I learnt a lot from this book, and much of it was surprising and fascinating. Weatherford's passion is obvious and enthralling. A great read. ( )
1 vote patrickgarson | Apr 21, 2014 |
Genghis Khan and the Making of the Modern World describes Khan humble beginnings back when he was known as Temujin, a member of the steppe tribe to the leader of the most powerful and influential empires of all time. It was amazing to read that many of the aspects that are in daily life today were created be Khan.

He was an incredibly intelligent leader. For every conquered land, he gave its people a chance to join him as equals into his "family." Only the ones that fought back were killed and never in a brutal way. Khan did not believe in unnecessary torture of any kind. He also spread a terror campaign because fear and paranoia were powerful tools in his arsenal. These stories were how Khan got his brutal reputation.

He also created bridges to facilltate trade and the connect to the various people to promote solidarity and cohesion. It is also something that those bridges also helped the bubonic plague spread and decimate the Mongol Empire. Khan also created PAPER MONEY because the bouillons they carried were too cumbersome. Women also had a semi-equal part in the empire handling the administrative duties.

Jack Weatherford knows how to write. With history tomes, I often worry it'll be boring, dry, and drab but this book was really interesting! I have read Amy Chua's book in which she dscusses the Mongol Empire and Democracy so I already knew Genghis Khan was not the senseless and violent savage he has always been portrayed as. I just didn't know how much he shaped our world. My only worry is that Weatherford may have been too Pro Mongol and that may have blinded him to the fact Khan still committed acts of violence and spread terror everywhere he went. ( )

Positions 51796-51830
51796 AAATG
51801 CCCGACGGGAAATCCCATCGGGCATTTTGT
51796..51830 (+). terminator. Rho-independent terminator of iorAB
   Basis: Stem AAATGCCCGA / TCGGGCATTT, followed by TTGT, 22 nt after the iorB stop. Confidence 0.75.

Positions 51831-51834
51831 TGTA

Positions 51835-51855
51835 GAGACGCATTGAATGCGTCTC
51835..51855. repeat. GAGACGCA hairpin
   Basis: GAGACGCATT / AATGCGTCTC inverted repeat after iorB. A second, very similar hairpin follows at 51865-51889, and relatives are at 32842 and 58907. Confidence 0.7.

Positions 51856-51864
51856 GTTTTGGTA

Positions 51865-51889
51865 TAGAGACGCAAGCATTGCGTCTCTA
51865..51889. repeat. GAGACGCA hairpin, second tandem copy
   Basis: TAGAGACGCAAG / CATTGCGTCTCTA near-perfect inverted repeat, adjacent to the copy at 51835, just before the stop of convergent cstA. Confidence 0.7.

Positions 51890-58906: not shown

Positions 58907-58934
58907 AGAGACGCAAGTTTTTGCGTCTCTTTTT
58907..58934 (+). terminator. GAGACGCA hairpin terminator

1 vote Y2Ash | Apr 16, 2014 |
Genghis Khan and the Making of the Modern World describes Khan humble beginnings back when he was known as Temujin, a member of the steppe tribe to the leader of the most powerful and influential empires of all time. It was amazing to read that many of the aspects that are in daily life today were created be Khan.

He was an incredibly intelligent leader. For every conquered land, he gave its people a chance to join him as equals into his "family." Only the ones that fought back were killed and never in a brutal way. Khan did not believe in unnecessary torture of any kind. He also spread a terror campaign because fear and paranoia were powerful tools in his arsenal. These stories were how Khan got his brutal reputation.

He also created bridges to facilltate trade and the connect to the various people to promote solidarity and cohesion. It is also something that those bridges also helped the bubonic plague spread and decimate the Mongol Empire. Khan also created PAPER MONEY because the bouillons they carried were too cumbersome. Women also had a semi-equal part in the empire handling the administrative duties.

Jack Weatherford knows how to write. With history tomes, I often worry it'll be boring, dry, and drab but this book was really interesting! I have read Amy Chua's book in which she dscusses the Mongol Empire and Democracy so I already knew Genghis Khan was not the senseless and violent savage he has always been portrayed as. I just didn't know how much he shaped our world. My only worry is that Weatherford may have been too Pro Mongol and that may have blinded him to the fact Khan still committed acts of violence and spread terror everywhere he went. ( )